Reflections on the DISCs Project



Like so many things since the onset of COVID-19, my time on the DISCs project has been deeply affected by the space the world was thrust into early in 2020 and continues to be in now. Because of this, the project did not finish out the way it was originally intended and, honestly, took somewhat of a back-seat for me as more immediate and pressing personal and professional issues came to the fore. Global events have also had a strange effect on time in that first semester of my time on the DISCs project was unaffected yet seems so long ago as to be, at times, a somewhat hazy memory.

Nevertheless, while much remains unrealized, there was huge value in being involved with the DISCs project. In the first instance, it was refreshing and inspiring to meet colleagues from across institutions with a commitment to and passion for social justice in higher education. I have fond memories of us coming together in Maynooth and the sense of collegiality that this brought. Of myself, upon reflection, I know that I when I began on the DISCs project, I was struggling with the task of making social justice a central and, importantly, tangible pillar of my teaching approach. I felt I was doing a lot of talking about social justice, but I questioned whether or not I was ‘doing’ social justice. I also wanted to examine the possibility of shifting from teaching about social justice to a type of teaching which encouraged the actioning of social justice. I feel that while I have not fully resolved these questions, my time on the DISCs project and the learning that accompanied this has certainly brought me toward some clarity. It was also very encouraging to find that there was a commonality of experience with colleagues from across disciplines and institutions and to have the opportunity to learn from this.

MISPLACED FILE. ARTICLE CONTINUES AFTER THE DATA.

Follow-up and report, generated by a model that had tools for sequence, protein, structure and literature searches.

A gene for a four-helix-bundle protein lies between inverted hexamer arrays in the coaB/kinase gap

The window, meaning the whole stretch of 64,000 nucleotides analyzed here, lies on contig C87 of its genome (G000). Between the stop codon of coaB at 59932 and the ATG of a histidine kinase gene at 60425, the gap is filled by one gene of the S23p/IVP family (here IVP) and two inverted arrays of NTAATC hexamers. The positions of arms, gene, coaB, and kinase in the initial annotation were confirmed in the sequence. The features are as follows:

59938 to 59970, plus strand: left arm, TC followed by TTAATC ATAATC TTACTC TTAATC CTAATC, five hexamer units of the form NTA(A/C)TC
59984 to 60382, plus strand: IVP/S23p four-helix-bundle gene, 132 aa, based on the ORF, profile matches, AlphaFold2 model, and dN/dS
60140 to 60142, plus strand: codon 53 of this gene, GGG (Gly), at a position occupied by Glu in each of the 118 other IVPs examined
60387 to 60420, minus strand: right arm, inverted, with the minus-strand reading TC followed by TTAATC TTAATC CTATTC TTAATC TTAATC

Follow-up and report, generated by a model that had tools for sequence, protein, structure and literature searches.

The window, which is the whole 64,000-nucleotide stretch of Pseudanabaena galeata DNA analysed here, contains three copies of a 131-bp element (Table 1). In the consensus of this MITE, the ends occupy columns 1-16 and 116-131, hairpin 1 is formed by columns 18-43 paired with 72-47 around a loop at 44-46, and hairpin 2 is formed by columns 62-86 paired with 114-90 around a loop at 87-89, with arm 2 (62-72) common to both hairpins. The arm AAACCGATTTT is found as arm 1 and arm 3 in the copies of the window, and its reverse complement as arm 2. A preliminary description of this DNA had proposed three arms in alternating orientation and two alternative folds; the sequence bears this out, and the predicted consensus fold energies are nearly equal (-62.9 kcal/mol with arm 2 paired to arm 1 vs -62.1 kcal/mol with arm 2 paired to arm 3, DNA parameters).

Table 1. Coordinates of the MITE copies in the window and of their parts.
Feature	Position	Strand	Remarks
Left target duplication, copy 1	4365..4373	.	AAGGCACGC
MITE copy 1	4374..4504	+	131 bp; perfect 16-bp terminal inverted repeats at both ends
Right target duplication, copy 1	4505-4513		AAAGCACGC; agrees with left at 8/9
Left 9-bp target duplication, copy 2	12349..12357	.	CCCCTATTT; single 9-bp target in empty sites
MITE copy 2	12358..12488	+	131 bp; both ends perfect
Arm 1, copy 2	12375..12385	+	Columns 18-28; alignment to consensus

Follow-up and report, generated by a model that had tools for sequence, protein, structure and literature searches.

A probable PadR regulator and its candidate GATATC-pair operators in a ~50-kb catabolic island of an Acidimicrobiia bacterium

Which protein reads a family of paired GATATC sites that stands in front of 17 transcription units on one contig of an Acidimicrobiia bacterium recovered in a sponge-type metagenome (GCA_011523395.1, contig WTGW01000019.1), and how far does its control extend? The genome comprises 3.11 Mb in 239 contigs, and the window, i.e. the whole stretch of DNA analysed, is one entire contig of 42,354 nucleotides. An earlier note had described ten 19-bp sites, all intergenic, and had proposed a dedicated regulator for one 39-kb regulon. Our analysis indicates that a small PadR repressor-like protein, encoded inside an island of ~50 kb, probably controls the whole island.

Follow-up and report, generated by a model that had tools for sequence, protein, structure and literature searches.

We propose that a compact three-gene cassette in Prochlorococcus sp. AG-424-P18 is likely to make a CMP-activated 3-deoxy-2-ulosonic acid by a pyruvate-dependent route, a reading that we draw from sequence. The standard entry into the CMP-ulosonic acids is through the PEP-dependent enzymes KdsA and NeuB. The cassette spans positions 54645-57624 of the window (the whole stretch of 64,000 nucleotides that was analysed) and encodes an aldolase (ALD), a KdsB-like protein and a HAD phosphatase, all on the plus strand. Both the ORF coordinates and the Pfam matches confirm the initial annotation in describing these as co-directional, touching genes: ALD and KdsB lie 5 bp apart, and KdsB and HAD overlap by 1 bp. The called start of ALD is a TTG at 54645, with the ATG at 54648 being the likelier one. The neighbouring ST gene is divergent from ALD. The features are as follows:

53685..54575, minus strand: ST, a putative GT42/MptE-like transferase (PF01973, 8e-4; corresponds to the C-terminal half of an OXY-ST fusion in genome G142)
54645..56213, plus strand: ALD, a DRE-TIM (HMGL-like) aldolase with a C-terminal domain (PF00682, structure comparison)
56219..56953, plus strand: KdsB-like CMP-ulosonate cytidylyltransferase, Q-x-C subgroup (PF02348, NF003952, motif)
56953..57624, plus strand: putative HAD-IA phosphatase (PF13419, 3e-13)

In respect to what I will bring to the classroom from my time on the DISCs project, I have undoubtedly benefitted hugely from the direct engagement of the DISCs teams, particularly the one to one work. Something I have often struggled with is turning safe spaces into brave spaces in the sense of finding a way to safely challenge students. Through my work with the DISCs project team, I feel I have advanced my ability to do this and this is something I will continue to strive toward. Ultimately, I am very grateful for the opportunity to have taken part in the project and I feel that the experiences I have had are something that I—and therefore hopefully those I teach—will reap the benefits of for many years to come.